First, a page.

In game development, that is the moment when everything turns into chaos. Not because artists join the development, but because now you have a complete functional team with motivated people full of ideas. In that moment, nobody is a programmer, an artist, or a game designer, but everyone is the guy with an idea. And because it's a game about coding, guess who think he knows best? Well, it's like bombarding atoms with neutrons. It's up to the project manager to make good use of this energy.
Step 3: Create a World
Even if you want to, you definitely can't sell a game about coding starring a unicorn in a cotton candy world. Obviously, the robot was the perfect hero for our game. Inspired by Wall-E, Antoine Petit, our 2D artist, mixed futuristic shapes and retro styling into a robot with a real personality. Since there was no reason for Algo-Bot to be a 2D game, Cedric Stourme started to 3D model the robot and its world.
Speaking about the world, we imagined it as a huge power plant with a level of toxicity so high that humans can't enter without dying instantly. The first mockups of this power plant were way too bright. You really don't need that much light in a place where humans can't stay. We had to stay realistic. Oh yeah, I hear you from here: "Realistic? With a robot in a futuristic toxic power plant, huh?" But yes, we had to stay as realistic as we could be within that setting. We now have a version of the power plant close to our idea: darker and more appropriate to the gameplay.
Step 4: Make a Game
"Make a game" sounds simple enough. Everyone can make a game, but we wanted to make a good game, and making a good game requires a lot of self-investment.
First of all, a game needs time and includes hours of research and development. Focusing on this uncommon gameplay and writing this clean code that would bring the game to life became our daily routine. The deadline was approaching, and Algo-Bot seemed like nothing more than a seed, no matter how much time and love we gave it.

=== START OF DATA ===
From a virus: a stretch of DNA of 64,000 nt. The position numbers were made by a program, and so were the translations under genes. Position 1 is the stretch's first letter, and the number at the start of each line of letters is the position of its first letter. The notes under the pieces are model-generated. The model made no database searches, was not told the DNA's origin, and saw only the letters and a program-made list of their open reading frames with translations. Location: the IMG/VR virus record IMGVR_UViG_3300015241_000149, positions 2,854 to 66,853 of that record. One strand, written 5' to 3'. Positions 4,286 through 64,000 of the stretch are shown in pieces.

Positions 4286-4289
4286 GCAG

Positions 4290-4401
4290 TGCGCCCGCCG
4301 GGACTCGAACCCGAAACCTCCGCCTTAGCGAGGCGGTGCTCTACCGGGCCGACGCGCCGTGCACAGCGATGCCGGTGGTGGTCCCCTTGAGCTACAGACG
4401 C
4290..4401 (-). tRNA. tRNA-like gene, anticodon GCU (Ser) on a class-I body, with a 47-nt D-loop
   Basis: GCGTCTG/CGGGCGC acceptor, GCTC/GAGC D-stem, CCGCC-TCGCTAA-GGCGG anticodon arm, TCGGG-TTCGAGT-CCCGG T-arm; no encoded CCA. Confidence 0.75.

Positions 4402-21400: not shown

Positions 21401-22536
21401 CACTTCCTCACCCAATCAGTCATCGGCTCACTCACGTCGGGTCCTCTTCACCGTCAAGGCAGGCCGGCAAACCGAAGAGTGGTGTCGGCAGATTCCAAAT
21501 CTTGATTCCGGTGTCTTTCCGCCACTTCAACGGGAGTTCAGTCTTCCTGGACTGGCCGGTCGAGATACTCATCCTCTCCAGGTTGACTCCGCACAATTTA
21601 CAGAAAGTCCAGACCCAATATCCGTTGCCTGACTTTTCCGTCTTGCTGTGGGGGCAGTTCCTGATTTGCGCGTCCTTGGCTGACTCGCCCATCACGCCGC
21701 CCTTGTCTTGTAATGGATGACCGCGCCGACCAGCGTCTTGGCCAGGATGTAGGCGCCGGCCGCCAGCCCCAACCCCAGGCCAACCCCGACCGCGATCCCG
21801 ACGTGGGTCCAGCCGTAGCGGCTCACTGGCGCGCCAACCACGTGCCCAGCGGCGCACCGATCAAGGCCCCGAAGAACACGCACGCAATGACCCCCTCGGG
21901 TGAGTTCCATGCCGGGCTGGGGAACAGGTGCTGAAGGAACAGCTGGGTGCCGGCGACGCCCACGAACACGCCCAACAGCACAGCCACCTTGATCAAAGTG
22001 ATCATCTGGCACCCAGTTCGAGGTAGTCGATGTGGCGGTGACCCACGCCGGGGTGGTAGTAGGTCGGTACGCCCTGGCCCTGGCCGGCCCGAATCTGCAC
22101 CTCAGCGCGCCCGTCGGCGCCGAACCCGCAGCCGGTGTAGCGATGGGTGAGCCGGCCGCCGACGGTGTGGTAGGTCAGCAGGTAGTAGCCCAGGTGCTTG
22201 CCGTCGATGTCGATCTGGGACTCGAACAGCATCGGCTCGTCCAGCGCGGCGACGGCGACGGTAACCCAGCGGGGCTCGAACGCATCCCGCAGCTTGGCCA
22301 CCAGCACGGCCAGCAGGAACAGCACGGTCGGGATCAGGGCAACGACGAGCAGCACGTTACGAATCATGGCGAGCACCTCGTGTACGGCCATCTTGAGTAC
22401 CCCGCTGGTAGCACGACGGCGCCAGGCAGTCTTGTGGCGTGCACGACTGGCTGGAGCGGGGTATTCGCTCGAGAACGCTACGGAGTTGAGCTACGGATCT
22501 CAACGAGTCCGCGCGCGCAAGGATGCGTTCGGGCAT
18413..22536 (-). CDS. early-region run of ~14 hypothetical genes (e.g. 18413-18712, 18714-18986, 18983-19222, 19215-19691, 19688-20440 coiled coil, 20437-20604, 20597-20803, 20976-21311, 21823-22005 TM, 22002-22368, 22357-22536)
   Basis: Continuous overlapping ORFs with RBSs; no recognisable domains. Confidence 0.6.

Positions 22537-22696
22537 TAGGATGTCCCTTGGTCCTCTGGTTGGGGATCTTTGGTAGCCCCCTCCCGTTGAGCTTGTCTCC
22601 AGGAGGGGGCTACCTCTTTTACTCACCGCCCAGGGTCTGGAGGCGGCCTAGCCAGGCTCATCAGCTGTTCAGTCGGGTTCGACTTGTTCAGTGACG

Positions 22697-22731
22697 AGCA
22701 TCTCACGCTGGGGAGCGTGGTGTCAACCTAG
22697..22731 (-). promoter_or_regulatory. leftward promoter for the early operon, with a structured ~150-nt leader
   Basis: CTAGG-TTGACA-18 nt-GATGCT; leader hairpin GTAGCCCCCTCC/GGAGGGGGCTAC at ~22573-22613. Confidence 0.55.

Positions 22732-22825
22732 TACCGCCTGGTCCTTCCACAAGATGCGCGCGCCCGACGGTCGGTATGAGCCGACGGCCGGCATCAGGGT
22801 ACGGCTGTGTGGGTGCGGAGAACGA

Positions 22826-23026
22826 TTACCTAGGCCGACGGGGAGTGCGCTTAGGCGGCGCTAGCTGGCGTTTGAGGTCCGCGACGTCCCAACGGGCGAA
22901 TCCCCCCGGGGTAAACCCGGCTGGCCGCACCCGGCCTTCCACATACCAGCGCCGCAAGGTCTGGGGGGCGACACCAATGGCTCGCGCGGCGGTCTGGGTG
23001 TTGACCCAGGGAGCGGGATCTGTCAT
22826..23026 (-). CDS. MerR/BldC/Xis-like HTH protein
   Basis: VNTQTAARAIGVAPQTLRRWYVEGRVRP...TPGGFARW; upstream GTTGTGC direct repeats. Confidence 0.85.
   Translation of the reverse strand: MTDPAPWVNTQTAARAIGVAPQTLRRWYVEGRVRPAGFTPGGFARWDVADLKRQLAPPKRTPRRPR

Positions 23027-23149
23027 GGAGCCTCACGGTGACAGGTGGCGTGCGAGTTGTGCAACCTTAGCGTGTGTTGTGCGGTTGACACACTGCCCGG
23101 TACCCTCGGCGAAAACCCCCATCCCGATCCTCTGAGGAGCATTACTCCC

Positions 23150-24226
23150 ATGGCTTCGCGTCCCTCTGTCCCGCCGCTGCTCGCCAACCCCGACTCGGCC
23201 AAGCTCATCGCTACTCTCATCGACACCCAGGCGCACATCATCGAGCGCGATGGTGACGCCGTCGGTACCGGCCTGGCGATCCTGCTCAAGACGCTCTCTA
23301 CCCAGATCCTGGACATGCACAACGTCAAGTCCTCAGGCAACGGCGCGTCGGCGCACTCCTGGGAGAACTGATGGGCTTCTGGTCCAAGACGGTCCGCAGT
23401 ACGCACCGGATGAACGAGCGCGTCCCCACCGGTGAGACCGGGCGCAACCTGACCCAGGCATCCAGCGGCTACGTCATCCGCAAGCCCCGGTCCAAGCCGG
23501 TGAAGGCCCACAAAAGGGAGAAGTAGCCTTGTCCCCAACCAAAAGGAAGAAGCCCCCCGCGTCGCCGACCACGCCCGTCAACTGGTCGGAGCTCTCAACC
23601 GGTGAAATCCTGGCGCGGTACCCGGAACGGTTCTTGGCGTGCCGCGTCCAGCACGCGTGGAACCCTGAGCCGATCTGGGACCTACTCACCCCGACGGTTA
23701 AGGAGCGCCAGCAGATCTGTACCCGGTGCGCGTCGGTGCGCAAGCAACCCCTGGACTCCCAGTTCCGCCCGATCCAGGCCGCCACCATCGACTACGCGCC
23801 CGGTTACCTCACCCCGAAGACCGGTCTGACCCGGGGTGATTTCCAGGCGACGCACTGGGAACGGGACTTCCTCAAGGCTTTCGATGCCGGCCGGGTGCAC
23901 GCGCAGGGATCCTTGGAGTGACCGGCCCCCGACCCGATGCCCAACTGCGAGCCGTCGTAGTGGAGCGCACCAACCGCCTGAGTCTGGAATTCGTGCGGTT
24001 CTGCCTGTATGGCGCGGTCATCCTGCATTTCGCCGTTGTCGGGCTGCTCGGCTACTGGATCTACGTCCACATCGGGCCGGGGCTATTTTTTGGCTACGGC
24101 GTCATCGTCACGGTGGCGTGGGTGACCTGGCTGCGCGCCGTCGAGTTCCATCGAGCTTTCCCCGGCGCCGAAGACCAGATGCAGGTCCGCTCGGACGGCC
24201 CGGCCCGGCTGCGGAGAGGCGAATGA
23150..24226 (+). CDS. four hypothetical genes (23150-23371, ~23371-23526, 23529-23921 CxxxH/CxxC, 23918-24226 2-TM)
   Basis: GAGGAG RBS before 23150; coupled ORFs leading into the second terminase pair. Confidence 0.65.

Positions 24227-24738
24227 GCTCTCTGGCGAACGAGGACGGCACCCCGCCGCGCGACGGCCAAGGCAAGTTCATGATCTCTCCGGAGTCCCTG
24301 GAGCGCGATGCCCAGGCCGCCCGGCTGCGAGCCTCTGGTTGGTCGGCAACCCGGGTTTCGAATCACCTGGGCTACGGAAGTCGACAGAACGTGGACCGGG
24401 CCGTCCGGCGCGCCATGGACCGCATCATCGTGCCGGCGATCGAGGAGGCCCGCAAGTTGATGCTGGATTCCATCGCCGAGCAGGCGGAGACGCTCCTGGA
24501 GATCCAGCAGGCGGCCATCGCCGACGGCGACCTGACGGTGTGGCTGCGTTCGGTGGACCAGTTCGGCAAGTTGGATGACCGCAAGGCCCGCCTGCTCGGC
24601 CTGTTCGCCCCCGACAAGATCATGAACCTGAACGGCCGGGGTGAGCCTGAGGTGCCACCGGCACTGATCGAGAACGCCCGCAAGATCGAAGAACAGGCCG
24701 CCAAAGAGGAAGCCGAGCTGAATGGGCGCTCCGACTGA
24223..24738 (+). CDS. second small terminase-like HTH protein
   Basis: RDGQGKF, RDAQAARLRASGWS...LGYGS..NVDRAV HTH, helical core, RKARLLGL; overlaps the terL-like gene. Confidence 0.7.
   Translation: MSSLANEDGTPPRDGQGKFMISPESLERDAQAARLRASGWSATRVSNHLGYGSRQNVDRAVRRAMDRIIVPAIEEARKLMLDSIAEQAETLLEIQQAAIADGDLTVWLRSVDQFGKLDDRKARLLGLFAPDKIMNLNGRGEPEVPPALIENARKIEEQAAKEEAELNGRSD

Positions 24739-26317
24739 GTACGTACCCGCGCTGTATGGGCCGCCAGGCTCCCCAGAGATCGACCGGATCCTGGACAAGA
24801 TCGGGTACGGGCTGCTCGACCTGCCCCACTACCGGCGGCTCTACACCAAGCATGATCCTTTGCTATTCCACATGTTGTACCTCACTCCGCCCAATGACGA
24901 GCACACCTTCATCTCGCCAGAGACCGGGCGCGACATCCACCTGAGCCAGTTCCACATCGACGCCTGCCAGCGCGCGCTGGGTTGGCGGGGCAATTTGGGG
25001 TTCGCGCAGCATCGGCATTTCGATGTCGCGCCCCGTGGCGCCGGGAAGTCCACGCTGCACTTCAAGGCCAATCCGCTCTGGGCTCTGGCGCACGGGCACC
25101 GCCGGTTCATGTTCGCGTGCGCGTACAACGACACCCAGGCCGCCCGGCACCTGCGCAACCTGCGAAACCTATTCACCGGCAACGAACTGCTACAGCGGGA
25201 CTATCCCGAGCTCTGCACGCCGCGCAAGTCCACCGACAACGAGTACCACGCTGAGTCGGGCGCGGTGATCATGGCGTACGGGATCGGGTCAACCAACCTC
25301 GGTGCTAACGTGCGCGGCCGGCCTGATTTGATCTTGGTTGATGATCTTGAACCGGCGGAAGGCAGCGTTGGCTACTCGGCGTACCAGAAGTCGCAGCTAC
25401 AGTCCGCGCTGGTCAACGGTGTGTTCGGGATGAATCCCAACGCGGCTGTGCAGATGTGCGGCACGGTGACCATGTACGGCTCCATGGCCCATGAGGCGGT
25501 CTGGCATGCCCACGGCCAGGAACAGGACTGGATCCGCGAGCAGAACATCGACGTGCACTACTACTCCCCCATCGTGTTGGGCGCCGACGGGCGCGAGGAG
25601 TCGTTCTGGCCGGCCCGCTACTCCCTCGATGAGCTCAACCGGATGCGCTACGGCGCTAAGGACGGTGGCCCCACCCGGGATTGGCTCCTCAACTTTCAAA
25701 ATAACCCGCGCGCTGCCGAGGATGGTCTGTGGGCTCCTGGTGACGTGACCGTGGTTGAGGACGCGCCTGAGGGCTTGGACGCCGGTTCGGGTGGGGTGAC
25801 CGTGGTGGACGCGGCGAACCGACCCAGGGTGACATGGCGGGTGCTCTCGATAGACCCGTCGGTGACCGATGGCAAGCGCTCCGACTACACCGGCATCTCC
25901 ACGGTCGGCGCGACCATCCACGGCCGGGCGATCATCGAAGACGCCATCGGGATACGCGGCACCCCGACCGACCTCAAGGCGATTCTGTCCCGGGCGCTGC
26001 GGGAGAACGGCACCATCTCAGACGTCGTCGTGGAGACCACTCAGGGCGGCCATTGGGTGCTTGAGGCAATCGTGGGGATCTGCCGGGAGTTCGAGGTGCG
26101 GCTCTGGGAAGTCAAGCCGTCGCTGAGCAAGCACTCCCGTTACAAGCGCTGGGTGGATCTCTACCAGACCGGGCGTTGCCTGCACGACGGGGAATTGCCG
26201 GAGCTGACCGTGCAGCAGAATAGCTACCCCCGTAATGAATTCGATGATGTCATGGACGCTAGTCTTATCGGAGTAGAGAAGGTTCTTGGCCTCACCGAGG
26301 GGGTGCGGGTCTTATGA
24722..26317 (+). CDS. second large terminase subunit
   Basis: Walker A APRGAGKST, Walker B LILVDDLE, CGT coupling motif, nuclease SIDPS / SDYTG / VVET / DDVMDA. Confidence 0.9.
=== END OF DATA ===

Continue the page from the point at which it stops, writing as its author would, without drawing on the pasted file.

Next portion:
In most developments, being too self-invested in your project happens to be a huge thorn in the team's foot. There is that moment you are truly living for your game, rejecting other ideas because you think that you are the only person who knows where this project is going. When you waste hours modifying the concept, trying to do the work of others... let me tell you this: you've never been so blind! So have a Kit-Kat and stop trying to be the man of the situation. Game development is a sports team for geeks. That's the lesson we learned from this development. If Algo-Bot was made to teach others programming, it taught us how to communicate within our team.
And then we experienced the moment when you believe the game you dreamt of will never be developed for the simple reason that the client is out of money. Sure, the client can perfectly use this version. It's playable, the learning process is quite effective, and the graphics are not so bad. But for you, it would never be more than an alpha version of your dream. So, like any good parent, you open your wallet until you run out of money yourself and then you cry... AND you launch it on Kickstarter.
Now you know the topic of my future article: How our Kickstarter failed :D Because obviously we won't meet our goal. One says that failure is the best lesson to learn :)